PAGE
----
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One In Four Americans Doesn't Realize The Earth Revolves Around The Sun

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Americans are good at a lot of things – business, football, eating, and making muscle cars, to name a few.

Want to know something thing we’re not good at? Science. For all of our money and international prowess, America is ranked just 17th in the world in science education. Not good.

In 2010, U.S. Education Secretary Arne Duncan called America’s mediocre educational rankings “an absolute wake-up call for America.”

“The results are extraordinarily challenging to us and we have to deal with the brutal truth,” Duncan said. “We have to get more serious about investing in education.”

Well, here we are four years later and still not doing much better. The National Science Foundation just released the results of their latest scientific survey, and the findings are embarrassing. Let’s take a look at what some of our fellow countrymen and women think about science.

One in four Americans doesn’t realize the earth revolves around the sun. Let that sink in. It’s been over 400 years since Copernicus proved that all planets revolve around the sun, yet over a quarter of people in the richest nation on earth don’t know it.

21% of respondents answered that the sun revolves around the earth, while 7% were humble enough to admit they didn’t know the answer.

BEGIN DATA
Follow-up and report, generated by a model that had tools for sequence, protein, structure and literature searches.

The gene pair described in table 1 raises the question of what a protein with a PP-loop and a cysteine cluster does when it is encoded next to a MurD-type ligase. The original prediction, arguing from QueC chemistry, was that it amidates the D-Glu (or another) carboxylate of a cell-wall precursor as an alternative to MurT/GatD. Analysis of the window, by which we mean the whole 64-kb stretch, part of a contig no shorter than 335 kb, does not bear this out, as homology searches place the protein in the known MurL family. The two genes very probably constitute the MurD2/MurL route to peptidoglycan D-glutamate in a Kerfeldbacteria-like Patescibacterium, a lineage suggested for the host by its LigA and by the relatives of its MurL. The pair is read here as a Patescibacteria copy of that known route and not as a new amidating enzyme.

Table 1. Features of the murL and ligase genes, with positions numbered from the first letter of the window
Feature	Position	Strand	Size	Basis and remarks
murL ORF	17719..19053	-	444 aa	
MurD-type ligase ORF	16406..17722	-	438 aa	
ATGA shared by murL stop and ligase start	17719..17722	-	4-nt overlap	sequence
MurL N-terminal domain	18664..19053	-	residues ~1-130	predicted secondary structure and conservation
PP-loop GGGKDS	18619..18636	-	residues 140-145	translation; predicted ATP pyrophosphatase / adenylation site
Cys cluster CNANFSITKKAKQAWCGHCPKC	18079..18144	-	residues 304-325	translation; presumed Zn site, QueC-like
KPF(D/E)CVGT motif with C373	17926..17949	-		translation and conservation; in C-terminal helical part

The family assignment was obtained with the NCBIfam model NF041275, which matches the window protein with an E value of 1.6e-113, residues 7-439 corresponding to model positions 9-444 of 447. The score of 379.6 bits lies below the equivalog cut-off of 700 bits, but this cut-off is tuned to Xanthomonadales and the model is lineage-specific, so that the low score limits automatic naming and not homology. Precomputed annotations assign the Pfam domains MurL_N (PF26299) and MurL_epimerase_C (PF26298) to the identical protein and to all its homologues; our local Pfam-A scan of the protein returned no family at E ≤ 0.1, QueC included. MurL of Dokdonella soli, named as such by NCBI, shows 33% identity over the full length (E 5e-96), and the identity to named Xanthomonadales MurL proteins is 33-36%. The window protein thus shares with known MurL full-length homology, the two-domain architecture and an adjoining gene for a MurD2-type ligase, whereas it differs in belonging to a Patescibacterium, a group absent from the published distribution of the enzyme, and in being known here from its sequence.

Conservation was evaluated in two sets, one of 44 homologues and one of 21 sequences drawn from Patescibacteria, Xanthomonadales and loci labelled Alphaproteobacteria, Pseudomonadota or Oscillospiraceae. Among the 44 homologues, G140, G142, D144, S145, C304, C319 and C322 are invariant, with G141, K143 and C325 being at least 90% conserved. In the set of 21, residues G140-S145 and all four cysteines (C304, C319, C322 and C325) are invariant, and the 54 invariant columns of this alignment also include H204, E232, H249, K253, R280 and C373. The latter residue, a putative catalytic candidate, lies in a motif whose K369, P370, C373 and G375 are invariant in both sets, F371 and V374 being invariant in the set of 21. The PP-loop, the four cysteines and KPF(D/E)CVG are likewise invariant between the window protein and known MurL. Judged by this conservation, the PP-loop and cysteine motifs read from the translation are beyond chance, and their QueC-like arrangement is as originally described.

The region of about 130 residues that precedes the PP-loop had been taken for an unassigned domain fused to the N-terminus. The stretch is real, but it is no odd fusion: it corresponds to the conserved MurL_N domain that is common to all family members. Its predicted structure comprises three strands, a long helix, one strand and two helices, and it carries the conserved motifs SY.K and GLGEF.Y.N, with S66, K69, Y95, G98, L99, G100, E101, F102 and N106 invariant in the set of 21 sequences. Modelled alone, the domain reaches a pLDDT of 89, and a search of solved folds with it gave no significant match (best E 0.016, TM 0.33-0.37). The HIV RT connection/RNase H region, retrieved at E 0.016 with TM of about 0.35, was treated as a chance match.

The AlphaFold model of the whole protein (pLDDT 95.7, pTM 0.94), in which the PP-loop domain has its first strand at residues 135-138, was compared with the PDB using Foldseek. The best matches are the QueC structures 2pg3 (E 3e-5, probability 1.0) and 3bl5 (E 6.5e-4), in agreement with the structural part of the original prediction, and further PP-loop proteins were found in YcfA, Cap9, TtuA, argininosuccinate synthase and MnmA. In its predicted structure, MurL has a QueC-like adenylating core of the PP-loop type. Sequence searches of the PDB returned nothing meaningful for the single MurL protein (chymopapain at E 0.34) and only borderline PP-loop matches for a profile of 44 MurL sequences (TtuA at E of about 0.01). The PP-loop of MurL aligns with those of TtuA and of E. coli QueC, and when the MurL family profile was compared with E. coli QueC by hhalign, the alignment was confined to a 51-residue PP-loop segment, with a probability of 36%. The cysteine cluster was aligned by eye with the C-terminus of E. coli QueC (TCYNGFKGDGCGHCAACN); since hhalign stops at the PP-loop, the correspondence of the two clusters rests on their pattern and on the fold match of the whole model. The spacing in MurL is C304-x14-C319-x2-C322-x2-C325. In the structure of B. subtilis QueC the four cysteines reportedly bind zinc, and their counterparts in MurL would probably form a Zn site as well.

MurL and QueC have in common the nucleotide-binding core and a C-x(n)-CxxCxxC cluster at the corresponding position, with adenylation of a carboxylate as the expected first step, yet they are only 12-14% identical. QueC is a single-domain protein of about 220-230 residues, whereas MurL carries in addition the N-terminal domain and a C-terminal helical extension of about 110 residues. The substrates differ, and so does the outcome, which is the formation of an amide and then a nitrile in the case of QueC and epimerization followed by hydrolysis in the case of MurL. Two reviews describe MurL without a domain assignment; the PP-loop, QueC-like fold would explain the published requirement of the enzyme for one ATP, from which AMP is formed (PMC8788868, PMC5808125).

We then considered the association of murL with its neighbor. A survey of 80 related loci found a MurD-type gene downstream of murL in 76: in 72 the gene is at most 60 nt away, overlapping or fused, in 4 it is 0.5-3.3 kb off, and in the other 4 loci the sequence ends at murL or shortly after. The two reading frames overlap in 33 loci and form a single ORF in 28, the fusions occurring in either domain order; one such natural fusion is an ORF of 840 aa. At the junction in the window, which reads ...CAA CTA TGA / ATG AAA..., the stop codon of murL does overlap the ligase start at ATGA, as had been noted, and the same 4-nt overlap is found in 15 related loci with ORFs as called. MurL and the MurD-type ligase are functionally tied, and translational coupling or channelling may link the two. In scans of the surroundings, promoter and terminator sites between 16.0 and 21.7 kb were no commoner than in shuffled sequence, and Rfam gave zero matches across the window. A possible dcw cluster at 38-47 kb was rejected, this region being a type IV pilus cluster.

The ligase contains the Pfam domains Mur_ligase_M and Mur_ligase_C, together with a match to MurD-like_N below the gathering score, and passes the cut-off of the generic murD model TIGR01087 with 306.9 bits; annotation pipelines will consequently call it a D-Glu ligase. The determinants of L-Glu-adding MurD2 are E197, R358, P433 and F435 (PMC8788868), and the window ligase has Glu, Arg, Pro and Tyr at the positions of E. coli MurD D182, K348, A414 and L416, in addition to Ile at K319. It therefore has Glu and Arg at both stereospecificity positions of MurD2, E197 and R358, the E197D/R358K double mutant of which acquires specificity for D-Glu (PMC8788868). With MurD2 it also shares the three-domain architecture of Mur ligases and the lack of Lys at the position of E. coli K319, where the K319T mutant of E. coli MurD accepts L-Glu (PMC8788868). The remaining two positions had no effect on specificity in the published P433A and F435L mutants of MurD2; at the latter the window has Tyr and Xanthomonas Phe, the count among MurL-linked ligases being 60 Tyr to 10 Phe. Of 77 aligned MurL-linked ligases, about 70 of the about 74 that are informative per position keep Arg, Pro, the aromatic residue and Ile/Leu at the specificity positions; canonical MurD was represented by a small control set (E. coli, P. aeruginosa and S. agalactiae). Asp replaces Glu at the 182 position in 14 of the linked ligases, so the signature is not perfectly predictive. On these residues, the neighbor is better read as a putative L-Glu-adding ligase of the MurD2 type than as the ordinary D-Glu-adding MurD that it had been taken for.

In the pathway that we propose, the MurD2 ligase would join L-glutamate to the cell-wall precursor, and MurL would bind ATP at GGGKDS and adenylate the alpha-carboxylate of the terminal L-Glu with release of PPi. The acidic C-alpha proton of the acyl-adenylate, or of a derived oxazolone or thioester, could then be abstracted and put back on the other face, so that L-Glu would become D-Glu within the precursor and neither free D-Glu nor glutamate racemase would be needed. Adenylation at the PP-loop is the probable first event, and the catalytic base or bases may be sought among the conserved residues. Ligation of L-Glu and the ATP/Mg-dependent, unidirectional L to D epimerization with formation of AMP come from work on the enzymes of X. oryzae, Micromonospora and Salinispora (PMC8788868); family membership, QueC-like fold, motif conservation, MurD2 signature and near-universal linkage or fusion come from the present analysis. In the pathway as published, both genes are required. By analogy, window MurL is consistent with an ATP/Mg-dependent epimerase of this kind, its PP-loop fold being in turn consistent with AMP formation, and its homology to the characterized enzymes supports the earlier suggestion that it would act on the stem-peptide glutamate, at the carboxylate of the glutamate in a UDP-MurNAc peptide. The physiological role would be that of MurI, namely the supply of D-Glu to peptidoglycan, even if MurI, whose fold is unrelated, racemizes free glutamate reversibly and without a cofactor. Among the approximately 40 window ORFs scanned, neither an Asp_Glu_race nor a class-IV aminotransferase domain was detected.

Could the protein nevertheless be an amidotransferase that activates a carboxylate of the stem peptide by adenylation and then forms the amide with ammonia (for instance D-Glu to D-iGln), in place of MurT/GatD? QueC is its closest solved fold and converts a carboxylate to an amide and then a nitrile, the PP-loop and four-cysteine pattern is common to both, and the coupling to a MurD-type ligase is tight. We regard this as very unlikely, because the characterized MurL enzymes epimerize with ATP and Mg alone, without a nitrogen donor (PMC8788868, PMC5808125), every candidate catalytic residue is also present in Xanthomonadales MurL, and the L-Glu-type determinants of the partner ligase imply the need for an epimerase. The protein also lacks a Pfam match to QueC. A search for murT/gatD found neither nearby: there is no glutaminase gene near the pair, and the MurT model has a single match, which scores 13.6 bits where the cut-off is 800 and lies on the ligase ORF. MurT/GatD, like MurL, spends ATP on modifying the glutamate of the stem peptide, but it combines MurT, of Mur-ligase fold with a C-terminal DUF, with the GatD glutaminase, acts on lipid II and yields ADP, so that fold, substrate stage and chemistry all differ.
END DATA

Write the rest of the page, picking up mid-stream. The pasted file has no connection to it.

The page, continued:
Next up: light.

Despite the best efforts of Queen, Chris Brown, and your science teacher, nearly one in four Americans doesn’t know that light travels faster than sound. It is a basic fact that nothing in the known universe travels faster than the speed of light. Einstein told us this over 100 years ago.

Here are two more head-shaking findings.

63% of respondents thought antibiotics kill viruses as well as bacteria.

43% said that electrons – tiny, negatively charged particles inside of atoms – were bigger than atoms. 37% were unsure which particles were bigger, and just 20% answered the question correctly.

The survey asked participants nine basic scientific questions. The average score was a 6.5 out of 9 – good for a 72%. America was three points away from getting a D on a test of things we should have learned in 5th grade. 

Sources: National Science Foundation, USA Today

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